The line between science fiction and science facts seems to blur more every day. 200 years ago, people would have been shocked at what we take for granted in the 21st century. Planes, automobiles and smart phones are now a mundane part of daily life, but it’s still important to take a step back and appreciate the scientific and medical technology that improves our lives every day. And the best news is that it’s only improving! Technology is increasing exponentially, so there are countless inventions that barely seem feasible. Here are the 15 most recent scientific and medical breakthroughs that we can hardly believe are real: from spider-goat hybrids to prosthetics that can be controlled with the mind, these 15 advances are being pioneered by visionary scientists and might soon be a part of our daily reality.
15. 3D Printing
3D printing might be becoming more normal every day, but it’s still mind-blowing technology with an extensive range of possibilities. It’s possible to 3D print using a variety of substances, from ceramics to rubber to metal, and printing is only limited by the imagination. There are literally countless applications for 3D printing: custom-fit shoes, automobiles, firearms and prosthetics have all been created with a 3D printer. 3D printing will likely have a pervasive effect on all types of global industry.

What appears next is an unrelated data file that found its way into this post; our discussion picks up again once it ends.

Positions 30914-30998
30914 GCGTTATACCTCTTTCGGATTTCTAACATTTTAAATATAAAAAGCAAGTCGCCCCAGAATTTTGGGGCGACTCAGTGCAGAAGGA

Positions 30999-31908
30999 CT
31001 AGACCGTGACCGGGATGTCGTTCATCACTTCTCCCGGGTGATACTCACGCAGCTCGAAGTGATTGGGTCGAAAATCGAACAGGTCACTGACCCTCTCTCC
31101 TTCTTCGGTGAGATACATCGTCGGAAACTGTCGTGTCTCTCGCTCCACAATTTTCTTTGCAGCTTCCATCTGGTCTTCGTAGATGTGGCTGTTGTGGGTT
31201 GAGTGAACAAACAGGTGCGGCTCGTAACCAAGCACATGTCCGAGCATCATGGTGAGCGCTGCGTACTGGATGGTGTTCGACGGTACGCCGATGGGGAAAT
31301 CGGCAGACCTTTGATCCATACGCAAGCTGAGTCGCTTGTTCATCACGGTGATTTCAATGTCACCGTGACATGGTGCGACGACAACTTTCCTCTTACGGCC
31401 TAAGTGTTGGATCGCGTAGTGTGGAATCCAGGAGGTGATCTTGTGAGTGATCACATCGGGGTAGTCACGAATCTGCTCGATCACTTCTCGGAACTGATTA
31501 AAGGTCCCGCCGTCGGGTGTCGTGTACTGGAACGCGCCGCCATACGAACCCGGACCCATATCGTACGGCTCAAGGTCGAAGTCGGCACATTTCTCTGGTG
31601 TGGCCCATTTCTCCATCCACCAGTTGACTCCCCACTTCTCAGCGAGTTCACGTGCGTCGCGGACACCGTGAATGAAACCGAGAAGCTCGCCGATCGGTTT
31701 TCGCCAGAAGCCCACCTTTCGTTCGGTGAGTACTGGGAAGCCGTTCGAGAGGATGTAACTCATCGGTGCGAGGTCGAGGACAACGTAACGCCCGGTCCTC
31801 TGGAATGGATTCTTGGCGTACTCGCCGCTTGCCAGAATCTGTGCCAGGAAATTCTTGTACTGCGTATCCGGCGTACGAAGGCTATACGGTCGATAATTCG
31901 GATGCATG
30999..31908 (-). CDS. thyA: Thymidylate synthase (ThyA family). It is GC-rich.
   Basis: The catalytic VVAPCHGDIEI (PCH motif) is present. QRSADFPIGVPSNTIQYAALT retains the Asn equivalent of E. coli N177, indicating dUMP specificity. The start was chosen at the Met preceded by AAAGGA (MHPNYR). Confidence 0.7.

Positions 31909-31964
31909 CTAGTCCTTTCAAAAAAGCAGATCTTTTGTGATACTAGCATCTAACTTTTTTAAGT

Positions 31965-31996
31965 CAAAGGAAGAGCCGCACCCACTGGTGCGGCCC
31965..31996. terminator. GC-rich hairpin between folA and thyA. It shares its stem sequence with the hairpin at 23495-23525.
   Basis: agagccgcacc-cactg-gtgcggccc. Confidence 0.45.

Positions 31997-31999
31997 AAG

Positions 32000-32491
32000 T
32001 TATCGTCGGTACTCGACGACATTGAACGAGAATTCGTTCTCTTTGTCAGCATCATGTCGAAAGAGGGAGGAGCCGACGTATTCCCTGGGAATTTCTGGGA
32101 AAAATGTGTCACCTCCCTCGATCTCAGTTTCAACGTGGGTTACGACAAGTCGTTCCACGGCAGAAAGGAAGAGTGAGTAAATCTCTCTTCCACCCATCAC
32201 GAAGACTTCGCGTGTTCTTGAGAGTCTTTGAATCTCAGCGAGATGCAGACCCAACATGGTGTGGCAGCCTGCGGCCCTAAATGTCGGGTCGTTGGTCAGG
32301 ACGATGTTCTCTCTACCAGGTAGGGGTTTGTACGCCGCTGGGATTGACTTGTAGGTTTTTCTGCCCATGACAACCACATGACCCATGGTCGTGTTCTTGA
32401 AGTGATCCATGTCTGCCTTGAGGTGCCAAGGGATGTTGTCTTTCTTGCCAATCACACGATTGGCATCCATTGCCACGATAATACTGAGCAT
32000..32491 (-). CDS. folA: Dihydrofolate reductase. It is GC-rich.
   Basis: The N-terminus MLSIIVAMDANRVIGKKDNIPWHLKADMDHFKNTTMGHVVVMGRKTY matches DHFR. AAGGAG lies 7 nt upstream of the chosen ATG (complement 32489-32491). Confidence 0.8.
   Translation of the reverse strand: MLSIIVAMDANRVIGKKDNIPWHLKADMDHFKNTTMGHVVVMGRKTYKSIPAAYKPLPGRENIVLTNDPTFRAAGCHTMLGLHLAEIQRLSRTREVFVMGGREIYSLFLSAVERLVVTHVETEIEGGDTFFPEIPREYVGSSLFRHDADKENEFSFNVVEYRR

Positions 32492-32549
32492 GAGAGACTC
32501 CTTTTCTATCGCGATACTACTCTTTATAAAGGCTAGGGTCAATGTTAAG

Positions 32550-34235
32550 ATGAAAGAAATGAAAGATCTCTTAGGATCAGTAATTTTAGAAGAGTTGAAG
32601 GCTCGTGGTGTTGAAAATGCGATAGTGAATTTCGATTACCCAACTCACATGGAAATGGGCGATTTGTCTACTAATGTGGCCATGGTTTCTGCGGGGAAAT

14. Japanese Tooth Patch
Dentistry could soon be a relic of the past: Japanese scientists have developed an ultra-strong patch that can be applied over the teeth to ward off tooth decay. The patch, made with the main mineral found in tooth enamel, might sound like something out of a science fiction novel, but it should be ready for the market in just a couple of years. In addition, it turns out that this futuristic coating has more than one purpose: it can be used cosmetically to whiten teeth, in addition to its more practical uses.
13. Lab-grown Meat
Vegetarians might soon be able to indulge in cruelty-free meat. Although it’s currently too expensive to bring to a public market, it’s now possible to grow edible meat in a laboratory with only a few animal cells to start the process. The first lab-grown burger grown by a team of Dutch scientists was consumed in 2013, and it looks like there will be many more in the future. This technology could even help those afflicted with muscular disease.